We moeten praten over genieten van de lockdown …mei 15, 2020
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So I saw a Twitter poll yesterday with a very simple question: have you enjoyed the lockdown? Yes, no, can’t decide.
In 24hrs in 1500 votes indicated ‘yes’ as the most popular option. News today that Twitter itself is extending work from home privileges to all employees permanently, a massive win for neurominorities, disabled people and those with caring responsibilities. It is apparent that for many the lockdown has been a much needed change of pace, yet the privilege is not extended to all.
A Way Of Life That Suits Your Neurotype
I’m writing today, quietly watching the sunrise from my window, my dog curled up on her ledge in the sunshine, the clock ticking and my children stirring. It’s peaceful, I can focus. The hurly burly of getting kids ready for the bus, thinking about which train I need to get, pouring myself into high heels to totter down the road is a forgotten dream. I’ll be taking a lunch break with my kids and husband, walking the dog before dinner and I will actually have an evening. When I cycle to the local shops, people are friendly. We take time to chat (at a respectful distance) and strangers are acknowledged with a hello, or a smile and nod. Isn’t this what life is supposed to be like?
I’ve long been of the opinion that conditions like ADHD and autism aren’t exponentially increasing in prevalence not because people are sick, but because society is. I’ve spent many years researching neurodiversity academically. I’ve read the neuroscience, the sociology, the educo-normative papers and honestly, I can’t find the bits of the brain that are broken, just different. I can see a natural variety of people, some more neurologically sensitive than others, increasingly forced to participate in mass gatherings (schools, transport) and decreasingly able to live in quiet places where they can hear the clock ticking and the birds singing. I can see a variety of bodies, some more athletic than others, increasingly corralled into sedentary roles where they cannot move before, during or after being required to concentrate. I can see people who think in 3D mechanical forced to express themselves only through the medium of 2d sequential code (writing) and discouraged to draw, build, make, design.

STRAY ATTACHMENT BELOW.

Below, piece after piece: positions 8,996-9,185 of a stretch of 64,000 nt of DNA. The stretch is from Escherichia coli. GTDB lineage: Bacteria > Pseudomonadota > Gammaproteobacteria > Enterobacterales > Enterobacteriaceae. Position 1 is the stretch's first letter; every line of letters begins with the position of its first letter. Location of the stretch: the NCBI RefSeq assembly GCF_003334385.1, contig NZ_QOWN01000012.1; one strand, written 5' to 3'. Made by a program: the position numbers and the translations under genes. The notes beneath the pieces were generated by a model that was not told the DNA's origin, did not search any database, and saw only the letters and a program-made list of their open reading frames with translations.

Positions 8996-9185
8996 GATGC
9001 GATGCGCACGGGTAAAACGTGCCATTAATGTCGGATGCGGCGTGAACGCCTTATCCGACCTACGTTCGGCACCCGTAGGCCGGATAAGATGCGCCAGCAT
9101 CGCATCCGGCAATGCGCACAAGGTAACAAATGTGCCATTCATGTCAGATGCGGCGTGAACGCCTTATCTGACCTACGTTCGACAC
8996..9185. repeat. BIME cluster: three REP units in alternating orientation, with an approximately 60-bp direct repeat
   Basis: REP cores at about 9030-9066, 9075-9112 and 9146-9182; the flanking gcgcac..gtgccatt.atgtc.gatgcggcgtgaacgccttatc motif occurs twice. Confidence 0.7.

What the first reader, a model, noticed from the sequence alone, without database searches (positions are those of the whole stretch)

I’ve also witnessed the acceleration of assistive technology being ignored in mainstream schools and jobs, where people fail for the want of a specialist literacy package costing a less than an annual Netflix subscription. But this has all changed recently, hasn’t it? All of a sudden we’re communicating via video, not text. We’re investing in tech support broadly. We’re allowing people their own space, and the lack of travel has built flexibility into our schedules for more exercise and family time. In other words, the lockdown has turned back the clock in some ways, and pressed fast forwards in others.
Recognising Our Privilege
However, I could not give the twitter poll a straight ‘yes’, because it is clear that so many people are suffering enormously in this crisis. What I don’t like about the lockdown is the inegalitarian application of these benefits. Those who have no choice but to go out to work, and the pressure that has put on their health, wellbeing and families. Children who cannot benefit from more flexible learning because they do not have access to laptops or WiFi. Those without space for a peaceful morning by the window with a curled up pooch. Diversity and Inclusion has always been about equality, social justice. We need to drive inclusion with a push and a pull – the pull of how dynamic our world could be with everyone working at their best and the push of common decency, wanting to ensure that no one is left behind. The case is building across the world for universal access to technology, connectivity and a basic income, these aspects will unleash talent in pockets we’ve been trying to reach. By raising the baseline for those who are currently disadvantaged, the intellectual capital that is freed will direct itself to creative and innovative pursuits; people worried about sensory overwhelm, travel logistics, running out of cash and caring responsibilities don’t think at their best. But if those jobs were equitably valued, if travel was less frenetic and if communication was more flexible in general, who knows what is possible? Forward thinking companies like Twitter are going to attract diversity naturally, without the need for manufactured programs. Inclusion may become an obsolete word, once flexible working and social justice has become the norm.